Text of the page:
Phones track everything except their role in car accidents


Mobile phones can track what we say and write, where we go, what we buy, and what we search for on the Internet. But they are not yet used to track one of the biggest threats to public health: accidents caused by drivers distracted by phones.

More than a decade after federal authorities and state governments He took advantage of the dangers posed by cell phone use while driving and began enacting laws to stop it, there is no definitive database on the number of accidents or deaths caused by cell phone distraction. Security experts say current estimates likely underestimate a worsening problem.

The lack of clear data comes as collisions are increasing. Car accidents recorded by police increased 16 percent from 2020 to 2021, from 14,400 to 16,700 per day, according to the National Highway Traffic Safety Administration. In 2021, almost 43,000 Americans died in accidents, the highest number in 16 years.

In 2021, according to the transit agency, only 377 fatal accidents (just under 1 percent) involved a driver distracted by a cell phone. About 8 percent of the 2.5 million nonfatal crashes that year involved a cell phone, according to highway agency data.

But those numbers don’t reflect all the distractions caused by cell phones; They include only accidents in which a police report specifically mentions such distraction. Often, safety experts said, cell phone use is not mentioned in such reports because it usually depends on a driver admitting to distraction, a witness identifying him or her, or, in even rarer cases, the use of cell phone records. or other phone forensics that definitely show distraction.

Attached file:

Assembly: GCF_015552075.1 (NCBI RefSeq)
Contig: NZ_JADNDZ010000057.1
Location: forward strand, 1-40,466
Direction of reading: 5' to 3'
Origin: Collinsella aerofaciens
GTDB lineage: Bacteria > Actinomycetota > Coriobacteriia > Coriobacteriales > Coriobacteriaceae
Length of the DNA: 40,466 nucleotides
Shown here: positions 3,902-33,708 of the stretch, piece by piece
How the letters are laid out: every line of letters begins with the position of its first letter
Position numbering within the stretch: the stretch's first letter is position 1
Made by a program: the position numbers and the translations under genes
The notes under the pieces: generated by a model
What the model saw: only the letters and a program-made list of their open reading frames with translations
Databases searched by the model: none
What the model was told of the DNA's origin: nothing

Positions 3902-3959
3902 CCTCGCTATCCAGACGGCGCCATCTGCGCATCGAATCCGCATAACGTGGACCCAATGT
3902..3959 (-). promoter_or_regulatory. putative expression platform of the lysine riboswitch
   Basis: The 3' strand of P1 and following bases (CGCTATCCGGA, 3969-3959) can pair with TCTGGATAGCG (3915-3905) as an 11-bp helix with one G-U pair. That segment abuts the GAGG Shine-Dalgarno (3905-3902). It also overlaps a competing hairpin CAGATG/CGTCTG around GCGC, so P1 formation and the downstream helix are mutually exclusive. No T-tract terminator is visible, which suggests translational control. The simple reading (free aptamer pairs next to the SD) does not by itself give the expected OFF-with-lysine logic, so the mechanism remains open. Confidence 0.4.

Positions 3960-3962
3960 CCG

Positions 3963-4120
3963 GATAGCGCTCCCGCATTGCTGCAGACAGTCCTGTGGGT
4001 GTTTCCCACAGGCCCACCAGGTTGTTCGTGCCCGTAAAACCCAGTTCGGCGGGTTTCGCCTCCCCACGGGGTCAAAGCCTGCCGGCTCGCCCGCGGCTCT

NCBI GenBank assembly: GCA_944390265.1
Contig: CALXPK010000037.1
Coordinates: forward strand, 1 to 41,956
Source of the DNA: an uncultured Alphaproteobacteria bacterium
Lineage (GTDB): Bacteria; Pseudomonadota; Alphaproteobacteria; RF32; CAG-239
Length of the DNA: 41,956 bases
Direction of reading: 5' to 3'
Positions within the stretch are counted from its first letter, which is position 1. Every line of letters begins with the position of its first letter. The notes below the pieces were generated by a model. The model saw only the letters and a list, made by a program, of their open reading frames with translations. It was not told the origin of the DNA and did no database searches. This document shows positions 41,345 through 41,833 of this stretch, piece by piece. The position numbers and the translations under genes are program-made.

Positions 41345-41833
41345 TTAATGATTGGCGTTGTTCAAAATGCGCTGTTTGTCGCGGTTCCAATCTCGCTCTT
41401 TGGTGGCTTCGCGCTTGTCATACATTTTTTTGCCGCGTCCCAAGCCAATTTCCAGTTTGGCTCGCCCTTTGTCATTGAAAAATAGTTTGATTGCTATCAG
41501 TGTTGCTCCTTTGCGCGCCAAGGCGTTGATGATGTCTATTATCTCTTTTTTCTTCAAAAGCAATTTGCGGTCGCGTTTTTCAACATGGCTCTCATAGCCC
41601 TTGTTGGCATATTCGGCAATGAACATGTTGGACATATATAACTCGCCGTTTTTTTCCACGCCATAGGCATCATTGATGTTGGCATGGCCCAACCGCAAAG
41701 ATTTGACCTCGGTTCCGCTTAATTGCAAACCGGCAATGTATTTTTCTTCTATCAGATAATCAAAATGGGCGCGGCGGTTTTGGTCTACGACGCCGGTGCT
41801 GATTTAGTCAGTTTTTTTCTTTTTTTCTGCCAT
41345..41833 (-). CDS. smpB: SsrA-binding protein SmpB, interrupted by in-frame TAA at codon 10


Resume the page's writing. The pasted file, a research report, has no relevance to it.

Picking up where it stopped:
Police can access cell phone records, but the process is cumbersome and privacy laws require a subpoena. Even then, more analysis must be performed to link the driver’s phone activity to the time of the accident.

“That analysis is expensive, and unless police really believe there’s a criminal case, they don’t do it,” said Dr. David Strayer, a cognitive scientist at the University of Utah and an expert on the science of driver distraction. He added that “unless someone confesses to using the phone, police don’t consider it a factor.”

Security experts said the current data was indeed unscientific and inaccurate.

“This is almost certainly an underestimate, because people don’t like to admit things like that,” said Jake Nelson, AAA’s director of Traffic Safety Research and Advocacy. “It’s very frustrating to me that we don’t have access to better data, especially now that we’re at the highest level in 16 years,” he added, referring to traffic deaths.

The National Highway Traffic Safety Administration admitted that there was significant underreporting of distractions when it came to accidents. In a statement provided to the New York Times, the agency said it was “actively participating in studies to examine the ability to measure the prevalence of roadside distraction.”

Drivers may not admit to distractions to police, but they do admit to the behavior in anonymous surveys. In a nationally representative survey conducted in 2022, the Insurance Institute for Highway Safety found that about 20 percent of drivers said they regularly browse social media, read emails, play games, watch videos or They recorded and posted while driving.

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